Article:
At 10, Facebook to go retro with Paper

In this March 15, 2013 photo, a Facebook employee walks past a sign at Facebook headquarters in Menlo Park, California. The company created in a Harvard dorm room in 2004 has established itself as a phenomenon, securing its place in the world of the technology giants.   | Photo Credit: Jeff Chiu

What does the future look like? According to Facebook, exactly 10 years after the social network was created, the future is called Paper. But it’s not quite as nostalgic as it sounds. This is the future where we write, film and share our stories via our mobile phones. A sleek cut-down version of the Facebook site, Paper replaces buttons with touchscreen swipes, and uses full-screen to play video on the handheld devices.

But Mark Zuckerberg, Facebook’s 29-year-old founder, also wants to hire human editors to promote the most interesting content, harking back to newspapers themselves. In this case, the retro nomenclature represents something more: a desire to find new ways to make Facebook more relevant to the human desire for communication, by enlisting people themselves.

It is a sign that Facebook is looking to secure its place in the firmament by branching out into new forms of communication. By the end of 2013, Facebook was being used by 1.23 billion users worldwide, adding 170 million in just one year.

Yet the scale of the ambition is a far cry from when Mr. Zuckerberg was an ambitious and competitive freshman at Harvard. Immortalised in The Social Network, Mr. Zuckerberg launched the site from his dorm room on February 4, 2004 — a technological replacement for a college directory and messages left on student doors.

It was a hit almost immediately, although in today’s terms the early progress sounds modest. In 2006, Facebook already had 12 million users across U.S. colleges, 60 per cent of whom logged in every day. But by then it was already valued at $100 million.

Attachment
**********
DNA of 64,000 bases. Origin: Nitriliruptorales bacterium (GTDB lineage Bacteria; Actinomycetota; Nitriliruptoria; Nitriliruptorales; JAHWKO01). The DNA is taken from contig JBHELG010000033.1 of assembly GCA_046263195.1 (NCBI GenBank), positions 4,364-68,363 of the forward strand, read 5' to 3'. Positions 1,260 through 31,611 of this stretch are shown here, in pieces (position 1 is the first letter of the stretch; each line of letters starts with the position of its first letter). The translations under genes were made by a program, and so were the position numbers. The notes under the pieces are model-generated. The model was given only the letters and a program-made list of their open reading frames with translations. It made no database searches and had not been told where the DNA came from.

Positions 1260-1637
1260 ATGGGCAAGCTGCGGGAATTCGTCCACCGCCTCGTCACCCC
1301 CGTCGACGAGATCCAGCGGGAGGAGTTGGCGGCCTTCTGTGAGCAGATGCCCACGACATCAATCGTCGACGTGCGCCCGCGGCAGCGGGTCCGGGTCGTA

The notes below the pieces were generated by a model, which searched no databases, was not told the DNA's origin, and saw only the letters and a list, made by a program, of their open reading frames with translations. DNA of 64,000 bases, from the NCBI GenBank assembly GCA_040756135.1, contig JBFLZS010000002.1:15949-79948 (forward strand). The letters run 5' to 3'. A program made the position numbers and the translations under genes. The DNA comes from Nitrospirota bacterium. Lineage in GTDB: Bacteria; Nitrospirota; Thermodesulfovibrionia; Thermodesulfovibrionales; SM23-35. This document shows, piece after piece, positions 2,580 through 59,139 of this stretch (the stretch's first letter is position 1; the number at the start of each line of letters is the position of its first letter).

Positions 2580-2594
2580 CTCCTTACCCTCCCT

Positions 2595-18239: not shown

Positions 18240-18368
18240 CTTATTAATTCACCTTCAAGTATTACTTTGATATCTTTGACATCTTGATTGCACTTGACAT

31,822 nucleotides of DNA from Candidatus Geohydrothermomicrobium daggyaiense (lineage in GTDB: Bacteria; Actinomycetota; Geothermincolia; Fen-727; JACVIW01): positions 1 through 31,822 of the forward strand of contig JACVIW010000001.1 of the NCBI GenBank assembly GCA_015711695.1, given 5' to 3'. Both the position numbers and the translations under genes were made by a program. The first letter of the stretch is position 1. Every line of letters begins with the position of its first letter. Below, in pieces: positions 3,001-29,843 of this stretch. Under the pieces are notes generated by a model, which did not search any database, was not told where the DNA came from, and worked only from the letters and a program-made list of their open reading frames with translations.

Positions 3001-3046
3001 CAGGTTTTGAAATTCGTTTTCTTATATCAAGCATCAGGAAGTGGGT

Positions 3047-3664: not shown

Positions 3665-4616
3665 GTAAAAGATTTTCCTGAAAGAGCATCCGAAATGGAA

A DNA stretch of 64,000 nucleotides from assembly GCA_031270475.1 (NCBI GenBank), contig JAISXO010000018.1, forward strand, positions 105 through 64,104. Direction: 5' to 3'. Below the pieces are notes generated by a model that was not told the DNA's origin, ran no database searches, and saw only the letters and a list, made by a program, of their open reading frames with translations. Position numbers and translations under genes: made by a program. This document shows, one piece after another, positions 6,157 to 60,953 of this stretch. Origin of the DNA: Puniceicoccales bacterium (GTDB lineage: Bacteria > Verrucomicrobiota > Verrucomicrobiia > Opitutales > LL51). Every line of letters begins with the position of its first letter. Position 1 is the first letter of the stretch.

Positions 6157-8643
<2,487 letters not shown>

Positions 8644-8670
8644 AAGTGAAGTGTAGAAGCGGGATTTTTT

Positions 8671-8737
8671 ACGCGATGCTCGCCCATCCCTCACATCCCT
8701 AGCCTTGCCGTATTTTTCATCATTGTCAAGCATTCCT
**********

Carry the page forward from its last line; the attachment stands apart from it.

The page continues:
Meanwhile, Mr. Zuckerberg himself may come to be known as the most under-estimated man of his generation, steering Facebook from an idea to link students to the default communication platform for the online western world.

The site is now worth $135 billion with revenues of $7.87 billion in 2013, including $1.5 billion in profit. Globally, 556 million people now access the site every day on their smartphone or tablet and, for the first time, at the end of 2013, Facebook made more than $1 billion in revenue from mobile advertising in just one quarter.

Territory around privacy

Part of Facebook’s success has been timing, says Bernie Hogan, research fellow at the Oxford internet institute, because the world was ready for a shared list of connections that works like a supercharged, definitive phone book for the digital age. “Before Facebook, we had to cover up our identities online and there was uncertainty over who to trust. Facebook gave us the notion that it was safe, and useful.” Facebook’s neutrality is partly why younger users are attracted to new and more edgy platforms such as the messaging app Snapchat, says Dr. Hogan, though they will a retain a presence on Facebook to show a safe, public face. From its earliest days, Facebook has navigated — even pioneered — the territory around privacy, and how we express our personal identities online. This has been a precarious journey, and in September 2006 — before the site was open beyond the U.S. college network — it was dealing with concern over the introduction of the newsfeed and over-sharing users’ personal information.

In most cases, Facebook has adapted in response to feedback. Even the most controversial features it has eventually killed off — such as Beacon, which published users’ purchases and related advertiser information in feeds — have still informed the site’s development.

The burden of real identity

But as Facebook advanced it also helped create a world in which people live with dual identities — online and in real life. “People have really gotten comfortable not only sharing more information and different kinds, but more openly and with more people,” said Mr. Zuckerberg in 2010 during an intense few months as controversy raged over the complexity of Facebook’s privacy settings. “That social norm is just something that has evolved over time.” But Mr. Zuckerberg’s own attitude to real identities has shifted. Facebook’s currency of real-world identities, both for users and advertisers, has been replaced with a recognition that for some exchanges — like those of rival messaging app Snapchat — anonymity and a different, less committed style of engagement are attractive.